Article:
fbpx

Productivity / Business Productivity

Self performance appraisal

Being a soloist means you don’t qualify for an ‘Employee of the Month’ award, a big fat performance bonus or regular promotions. Or does it? Have you thought about doing a self performance appraisal.

By

A friend of mine recently changed jobs, from a big corporate employer to a local small business. When I asked her how it was going, she smiled and said; “It’s amazing. The support and feedback is incredible compared to where I was before.”

I’d always thought that with their enormous and well-meaning HR departments, big companies had the monopoly on rewarding and supporting their employees. In fact, the only time I feel remotely wistful for that long-forgotten corporate office is when I hear about a friend reaping the rewards of their drudgery with some fully-paid long-service leave, a much-anticipated annual bonus, or a truly decadent company shindig at a five-star resort in the Bahamas.

But obviously small businesses can reward their staff too, and can actually make it meaningful. So how can we soloists acknowledge our own efforts?

If you’re stuck in the daily grind of running your business, it’s easy to forget what you’ve achieved that day, that week or that year. Who can you talk to about your big win or stunning idea? Who gives you that well-deserved pat on the back?

If you’re feeling under-appreciated by your busy boss (i.e. yourself), it’s time to do something about it and have a self performance appraisal . After all, you control the budget!

"If you’re feeling under-appreciated by your busy boss (i.e. yourself), it’s time to do something about it and have a self performance appraisal "

Have a doona day

Once upon a time, we used to call in sick or take a personal day to sort out all that life stuff. And when we did, no one in the office bothered us. Now, as a soloist I find it hard to take a day off – even when I really am sick. I don’t want to see those deadlines mount up or let a client down. I feel too guilty.

But denying yourself time out is a sure-fire way to get sick and stay sick, or else slowly lose your sanity. So get out that calendar and schedule in a doona day.

Find reasons to celebrate

Office parties are few and far between when you work alone, so why not book a drinks session with some fellow soloists, not for the networking opportunity but just for some good old-fashioned fun? Or take your long-suffering partner out for dinner – they probably deserve it too, and that’s one company party where there’ll be no office repercussions if you both get lucky…

Create your own colleague network

Join forces with other small business owners. Create your own informal network where you can share your triumphs and keep each other motivated. You could do this by scheduling a regular coffee catch-up with some other soloists, or by joining a virtual community like the Flying Solo forums.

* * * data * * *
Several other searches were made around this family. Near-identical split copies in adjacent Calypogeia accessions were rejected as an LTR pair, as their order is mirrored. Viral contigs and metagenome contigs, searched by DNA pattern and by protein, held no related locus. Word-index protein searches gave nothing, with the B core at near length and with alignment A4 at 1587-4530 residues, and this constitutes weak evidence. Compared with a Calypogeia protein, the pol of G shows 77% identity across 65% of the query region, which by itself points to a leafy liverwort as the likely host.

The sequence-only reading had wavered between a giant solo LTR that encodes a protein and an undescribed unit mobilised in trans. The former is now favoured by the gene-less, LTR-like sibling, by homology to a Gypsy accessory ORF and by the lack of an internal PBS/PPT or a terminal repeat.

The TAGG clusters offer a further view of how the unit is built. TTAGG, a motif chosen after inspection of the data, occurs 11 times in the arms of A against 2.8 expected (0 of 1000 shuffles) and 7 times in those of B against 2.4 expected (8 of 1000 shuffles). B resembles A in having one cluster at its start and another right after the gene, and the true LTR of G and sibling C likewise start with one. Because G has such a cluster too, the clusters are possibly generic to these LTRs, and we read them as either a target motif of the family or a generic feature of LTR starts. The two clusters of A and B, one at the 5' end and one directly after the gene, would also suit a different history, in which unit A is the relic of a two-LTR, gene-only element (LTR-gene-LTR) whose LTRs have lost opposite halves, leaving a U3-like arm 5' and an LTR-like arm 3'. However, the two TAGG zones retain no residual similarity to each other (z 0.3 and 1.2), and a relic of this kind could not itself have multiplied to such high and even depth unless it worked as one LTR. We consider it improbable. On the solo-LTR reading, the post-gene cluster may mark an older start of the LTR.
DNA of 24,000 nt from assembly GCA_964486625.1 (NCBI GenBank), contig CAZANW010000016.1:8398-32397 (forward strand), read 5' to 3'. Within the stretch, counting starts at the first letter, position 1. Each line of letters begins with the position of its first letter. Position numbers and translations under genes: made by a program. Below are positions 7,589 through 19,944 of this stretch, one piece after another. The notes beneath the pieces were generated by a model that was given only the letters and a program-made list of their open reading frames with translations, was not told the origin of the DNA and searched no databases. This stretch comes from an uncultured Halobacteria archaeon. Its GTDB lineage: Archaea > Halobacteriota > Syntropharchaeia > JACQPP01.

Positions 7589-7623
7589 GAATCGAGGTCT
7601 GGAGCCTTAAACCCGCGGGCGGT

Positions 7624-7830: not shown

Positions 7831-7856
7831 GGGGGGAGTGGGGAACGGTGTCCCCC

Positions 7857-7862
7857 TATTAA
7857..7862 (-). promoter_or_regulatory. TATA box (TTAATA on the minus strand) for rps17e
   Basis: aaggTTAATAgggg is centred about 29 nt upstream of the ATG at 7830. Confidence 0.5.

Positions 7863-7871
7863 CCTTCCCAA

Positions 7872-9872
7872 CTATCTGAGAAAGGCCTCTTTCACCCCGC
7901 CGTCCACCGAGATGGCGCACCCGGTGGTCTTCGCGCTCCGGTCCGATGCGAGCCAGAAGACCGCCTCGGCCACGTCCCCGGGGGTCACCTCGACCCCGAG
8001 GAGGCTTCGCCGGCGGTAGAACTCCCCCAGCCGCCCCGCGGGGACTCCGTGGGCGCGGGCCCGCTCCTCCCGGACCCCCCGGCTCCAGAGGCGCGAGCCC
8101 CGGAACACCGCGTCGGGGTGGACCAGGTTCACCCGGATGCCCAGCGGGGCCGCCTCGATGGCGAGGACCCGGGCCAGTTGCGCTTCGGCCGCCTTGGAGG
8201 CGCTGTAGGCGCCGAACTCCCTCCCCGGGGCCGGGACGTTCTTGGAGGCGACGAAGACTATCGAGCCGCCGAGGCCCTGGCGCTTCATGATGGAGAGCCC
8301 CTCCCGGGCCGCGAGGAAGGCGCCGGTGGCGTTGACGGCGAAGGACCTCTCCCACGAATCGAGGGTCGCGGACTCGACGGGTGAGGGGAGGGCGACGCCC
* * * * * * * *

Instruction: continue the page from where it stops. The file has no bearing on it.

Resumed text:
Want more articles like this? Check out the productivity section.

Be your own HR manager

Keep an eye on your personal development, just as the HR department would in a big company. Can you outsource any of the tasks on your To Do list that you don’t enjoy? Is there an area you’d like more training in? Make the time to learn new skills you can apply to your business, and then reward yourself with a promotion when you see the benefits.

Take your long-service leave

Make plans for long-service leave. I’m not talking about taking a short break. I’m suggesting you find a way to step away from your business for a period of time to do something that will re-energise you and give you a new perspective. Travel, learn to sail, take up golf, or just clear out the clutter.

Think that sounds impossible? You’d be surprised how many soloists have set up their businesses so they can take maternity leave. So why not take some me-leave? It’s just as valid and comes without the sleep deprivation.

At the risk of sounding like a margarine commercial, you ought to be congratulated! So go on, start the self-praise party by printing a nice big ‘Employee of the Month’ certificate and hanging it with pride above your desk.

Mine reads ‘Thanks, Sara, for reminding Aussie soloists that doona days are a necessity, not a luxury’. What does yours say?

Sara Howard

is the Principal and senior writer at Writers Australia. She loves nothing more than pulling apart corporate waffle to find the hidden gem of an idea – and then bringing it to life so it resonates with customers, staff, donors or the general public. Connect with Sara on Twitter and LinkedIn

Comments

126,822 people use Flying Solo to help them create a business with life. Do you?

Connect with Flying Solo

Explore the benefits of membership